Professor Layton sips tea from fine china and has a keen interest in archaeology. He enjoys fencing, displays a natural talent for puzzle solving, keeps a studious yet approachable demeanour (Layton became a professor at the age of 27) and wears a top hat that outlines a nobly Victorian silhouette. He is, in summary, a blend of kindly clichés drawn from literature, Hollywood and echoes of bygone eras. He’s a hopeful tourist’s idea of an Englishman. And yet, over the course of the six video games in which he stars, Professor Layton has revealed himself to be a great deal more than the sum of his well-worn, if well-meaning, clichés.
Partly it’s in the backstory, revealed in drips across the intertwining storylines of the games, in which the Professor and his 12-year-old public schoolboy sidekick Luke attempt to unpick a number of tangled mysteries. Here we learn that Layton’s life was shaped by tragedy. Born Theodore Bronev, Layton and his elder brother were orphaned at a young age. His adoptive parents could only take on one of the two siblings. Before meeting the children they picked ‘Hershel’, Layton’s older brother, on the adoption form. Hershel, wanting to look out for his younger brother, switched their names and gave Layton his place.
Later in life, the professor’s partner Claire, whom he first met when the pair studied together at University, died in an explosion. It was Claire who gave Layton his top hat, an accessory he has worn to honour her memory ever since. It’s a sad and involved backstory for a series built upon the kind of frivolous brainteasers usually found in the back pages of a newspaper, Moreover, it’s an involved storyline for a character that was never meant to exist.
“When I saw the illustrations I temporarily named them Professor Layton and Luke. The names seemed to fit perfectly and before I knew it they’d stuck.”
Akihiro Hino, president of the Japanese development studio Level-5, had the idea for a series of puzzle games based on the Atama no Taisou series of puzzle books, which he grew to love when he was a child. The books, written by Professor Akira Tago from Chiba University show none of the quaint literary homage found in the Professor Layton games. Indeed, Atama no Taisou translates to the sternly functional ‘Mental Exercises’. “We thought we could turn these books into a pleasant, casual game by just adding a few game-like elements,” says Hino.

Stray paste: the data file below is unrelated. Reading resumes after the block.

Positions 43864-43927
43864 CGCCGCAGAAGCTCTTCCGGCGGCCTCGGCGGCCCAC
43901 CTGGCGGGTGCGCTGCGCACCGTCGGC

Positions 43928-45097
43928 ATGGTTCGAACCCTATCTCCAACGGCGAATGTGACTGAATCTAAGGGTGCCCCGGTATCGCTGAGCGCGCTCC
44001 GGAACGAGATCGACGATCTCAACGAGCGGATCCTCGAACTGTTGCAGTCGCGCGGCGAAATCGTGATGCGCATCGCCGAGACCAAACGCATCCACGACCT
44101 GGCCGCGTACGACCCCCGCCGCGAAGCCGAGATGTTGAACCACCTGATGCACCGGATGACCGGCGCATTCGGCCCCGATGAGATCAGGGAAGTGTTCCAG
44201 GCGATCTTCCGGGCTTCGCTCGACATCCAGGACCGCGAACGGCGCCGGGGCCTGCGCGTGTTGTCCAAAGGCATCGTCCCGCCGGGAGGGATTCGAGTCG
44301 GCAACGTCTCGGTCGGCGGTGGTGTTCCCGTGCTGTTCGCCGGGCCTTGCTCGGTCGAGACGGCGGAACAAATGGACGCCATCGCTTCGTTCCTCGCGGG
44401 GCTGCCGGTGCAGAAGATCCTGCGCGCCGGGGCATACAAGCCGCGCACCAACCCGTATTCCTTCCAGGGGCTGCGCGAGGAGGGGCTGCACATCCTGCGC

In 2006 Level-5 began work on a prototype, working directly with Professor Tago to translate his riddles into video game form. But during this time the studio was refused the Atama no Taisou name due to copyright infringement. Despite the setback, the demo was at an advanced enough stage to provide Level-5 with a route forward. “We’d created a bonus mode in which the player would solve puzzles as part of a story,” Hino says. “So we developed this mode and created a story based around the puzzles you’d find in Tago’s books.”
It was a small leap of logic to cast the protagonist of a riddle-based game as a detective. Unusually, Hino decided to create a pair of characters for the player to inhabit. “We wanted to offer two intelligent characters who could bounce ideas off each other,” says Hino. Drawing inspiration from Sir Arthur Conan Doyle’s pair of proto-detectives, Sherlock Holmes and Doctor Watson, Hino asked one of his artists to draw an English gentleman and a younger character. “When I saw the illustrations I temporarily named them Professor Layton and Luke,” he says. “The names seemed to fit perfectly and before I knew it they’d stuck. The characters stayed just as I had conceived them at the beginning.”